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Network-Enabling Company Adjusts Corporate Strategy

February 2002
By Michael A. Robinson

An acquisition campaign gives way to an internal focus.

It is very rare that the experiences of one company can provide a snapshot of what has happened to the Internet sector, the U.S. economy and the technology industry in general.           

But in October 1999, when journalists, industry analysts and their initial public offering (IPO)-hungry colleagues on Wall Street said the Internet had ushered in an era of boundless economic vistas, a photograph of John Chambers, chief executive officer of Cisco Systems, San José, California, ran on the cover of the “new economy’s” magazine, Business 2.0.

Written by then-Editor-in-Chief James Daly, the article all but anointed Chambers as the king of technology acquisitions. With Chambers at the helm, Cisco had completed an astounding 40 acquisitions in just six years, a period in which many companies could command high premiums because of a booming stock market.

And why not? Cisco was—and still is—the undisputed worldwide leader in networking equipment for the Internet. The space was expanding so rapidly that the only way Cisco could possibly keep pace was to buy new product programs and great talent wholesale.

Now, however, a little more than two years later, the story comes full circle. Daly is no longer editor in chief; Business 2.0 was recently sold to Time Incorporated, which combined it with the defunct EcompanyNow in the midst of a grave slump in advertising revenue; and Chambers is sitting on the acquisition throne. He may be sitting pretty, but he’s sitting nonetheless.

Consider that in 2000, Cisco purchased some 23 companies, which represented more than half of its previous six-year total. That followed 18 corporate purchases in 1999. The Business 2.0 cover actually understated Cisco’s frantic pace of external expansion. Chambers bought another nearly 30 companies in the following 15 months.

But in 2001, Cisco went from purchasing two technology companies a month to purchasing just two all year. This was the lowest number since 1993 when it bought Crescendo Communications Incorporated and kicked off an unparalleled expansion drive. Ironically, Cisco has nearly $19 billion in cash and equivalents at a time when many technology companies could be purchased on the cheap because of the rout in technology stocks. Cisco ended fiscal 2001 with a loss of roughly $1 billion on net sales of $22.3 billion, which were up 18 percent from $18.9 billion registered in fiscal year 2000.

In a recent SIGNAL interview, Chambers said that despite the current technology slump and national recession, Cisco will remain a growth company. By necessity, Chambers has turned his wandering eye inward. In 2001, he furloughed roughly 20 percent of Cisco’s work force, shelved plans to build a new headquarters in San José and realigned some management reporting responsibilities to make the company more efficient. Thus, internal growth has become proportionally more important than in the past several years because Cisco has been adding new sales without buying more companies.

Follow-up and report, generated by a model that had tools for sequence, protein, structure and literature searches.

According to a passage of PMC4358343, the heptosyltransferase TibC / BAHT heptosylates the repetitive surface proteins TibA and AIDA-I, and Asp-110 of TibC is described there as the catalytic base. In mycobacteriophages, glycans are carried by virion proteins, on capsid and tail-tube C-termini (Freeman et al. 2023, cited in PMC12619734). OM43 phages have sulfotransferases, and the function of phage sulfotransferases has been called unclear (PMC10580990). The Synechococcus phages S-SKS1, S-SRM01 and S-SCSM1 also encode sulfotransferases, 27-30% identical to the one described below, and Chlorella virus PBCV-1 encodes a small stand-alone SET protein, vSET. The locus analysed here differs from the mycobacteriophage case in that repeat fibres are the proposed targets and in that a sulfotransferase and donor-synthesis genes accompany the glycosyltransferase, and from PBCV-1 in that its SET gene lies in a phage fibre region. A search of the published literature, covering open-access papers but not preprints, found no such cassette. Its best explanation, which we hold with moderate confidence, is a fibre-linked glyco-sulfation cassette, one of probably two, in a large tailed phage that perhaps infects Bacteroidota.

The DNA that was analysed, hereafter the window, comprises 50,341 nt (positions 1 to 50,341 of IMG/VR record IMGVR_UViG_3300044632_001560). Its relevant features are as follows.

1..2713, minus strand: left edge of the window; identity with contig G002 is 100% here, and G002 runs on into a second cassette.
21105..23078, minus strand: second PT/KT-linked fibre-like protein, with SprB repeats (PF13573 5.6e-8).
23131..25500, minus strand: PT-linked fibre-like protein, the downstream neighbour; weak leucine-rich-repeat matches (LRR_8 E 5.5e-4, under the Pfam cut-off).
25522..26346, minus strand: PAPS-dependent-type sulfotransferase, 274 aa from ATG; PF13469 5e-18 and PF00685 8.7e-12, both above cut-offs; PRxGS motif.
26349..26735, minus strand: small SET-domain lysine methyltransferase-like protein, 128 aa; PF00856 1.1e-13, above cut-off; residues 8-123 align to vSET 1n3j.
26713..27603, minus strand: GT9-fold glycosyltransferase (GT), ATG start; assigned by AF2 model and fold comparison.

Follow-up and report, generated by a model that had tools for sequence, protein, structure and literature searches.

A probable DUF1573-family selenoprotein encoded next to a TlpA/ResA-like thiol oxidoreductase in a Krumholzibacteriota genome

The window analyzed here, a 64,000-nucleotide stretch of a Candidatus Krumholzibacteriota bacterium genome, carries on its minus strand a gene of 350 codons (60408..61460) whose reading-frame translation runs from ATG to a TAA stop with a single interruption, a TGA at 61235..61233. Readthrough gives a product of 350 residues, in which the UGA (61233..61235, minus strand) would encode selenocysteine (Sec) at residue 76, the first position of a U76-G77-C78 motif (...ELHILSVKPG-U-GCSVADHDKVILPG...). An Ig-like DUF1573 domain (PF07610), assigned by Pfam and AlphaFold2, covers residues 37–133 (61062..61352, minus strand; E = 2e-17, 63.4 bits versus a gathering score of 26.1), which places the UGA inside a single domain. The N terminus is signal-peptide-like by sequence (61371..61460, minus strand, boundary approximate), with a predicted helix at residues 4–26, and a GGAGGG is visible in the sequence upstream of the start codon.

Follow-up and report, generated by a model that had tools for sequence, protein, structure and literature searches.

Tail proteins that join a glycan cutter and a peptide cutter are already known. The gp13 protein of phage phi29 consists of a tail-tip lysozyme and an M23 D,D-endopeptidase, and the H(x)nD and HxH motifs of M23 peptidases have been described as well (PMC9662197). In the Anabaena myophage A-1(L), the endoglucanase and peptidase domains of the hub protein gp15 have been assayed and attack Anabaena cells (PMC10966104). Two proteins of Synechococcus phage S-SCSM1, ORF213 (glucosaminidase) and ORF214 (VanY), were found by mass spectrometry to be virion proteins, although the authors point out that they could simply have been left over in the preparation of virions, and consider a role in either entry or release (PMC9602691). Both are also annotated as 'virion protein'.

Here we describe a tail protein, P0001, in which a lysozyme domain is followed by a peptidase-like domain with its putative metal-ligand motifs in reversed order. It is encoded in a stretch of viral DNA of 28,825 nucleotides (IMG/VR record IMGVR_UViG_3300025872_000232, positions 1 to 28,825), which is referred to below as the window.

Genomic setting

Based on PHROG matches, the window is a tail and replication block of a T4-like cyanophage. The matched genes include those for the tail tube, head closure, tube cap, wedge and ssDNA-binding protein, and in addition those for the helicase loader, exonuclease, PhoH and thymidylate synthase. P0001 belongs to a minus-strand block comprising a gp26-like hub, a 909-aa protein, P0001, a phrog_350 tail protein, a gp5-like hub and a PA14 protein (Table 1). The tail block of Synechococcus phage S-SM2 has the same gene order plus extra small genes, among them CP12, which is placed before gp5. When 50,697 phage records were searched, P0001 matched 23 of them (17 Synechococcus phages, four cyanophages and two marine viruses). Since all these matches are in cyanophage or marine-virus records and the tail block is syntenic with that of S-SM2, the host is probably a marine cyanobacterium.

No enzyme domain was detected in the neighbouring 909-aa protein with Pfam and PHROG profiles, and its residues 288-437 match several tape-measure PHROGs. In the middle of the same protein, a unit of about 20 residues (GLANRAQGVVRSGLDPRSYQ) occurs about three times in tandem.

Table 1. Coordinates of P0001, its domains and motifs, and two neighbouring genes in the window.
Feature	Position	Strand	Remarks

Chambers believes Cisco could do twice as well as industry analysts expect for the networking market overall, which is growth of about 15 to 20 percent annually over the next three to five years. Broad product lines, deep talent, geographic balance and a strong cash position all could translate into growth of 30 to 50 percent in the same time frame.

Chambers says he remains optimistic about the future of the Internet combined with the growing use of intranets, which are internal Web-based networks for companies, government agencies and other organizations.

“I think everyone would agree that both intranets and the Internet are considered an essential part of business, government operations, learning and personal communications and entertainment,” Chambers says.

“Cisco solutions ensure that networks—both public and private—operate with maximum performance, security, and flexibility. We expect to see more growth opportunities from corporate and government intranets as well as from more effective use of the Internet, for example, from e-government solutions that better serve the citizen.”

Use of the Web to save costs can have a dramatic effect on an organization’s bottom line, according to Cisco officials. The company itself saved almost $175 million last year by not hiring 1,000 engineers. Instead, they offloaded calls that would have gone to these technical support personnel to the Web. So, although hundreds of consumer-oriented Web companies have gone bust, the Internet is proving decisive in today’s complex electronic economy. This means that information technology managers will continue investing in the key backbone gear supplied by Cisco, which bodes well for its long-term future.

Meanwhile, Cisco wants to improve sales to the defense establishment and to increase further its inroads in the wireless market—another area of technology that has largely fizzled in the consumer arena but continues to attract investment by businesses seeking to cut costs and improve productivity.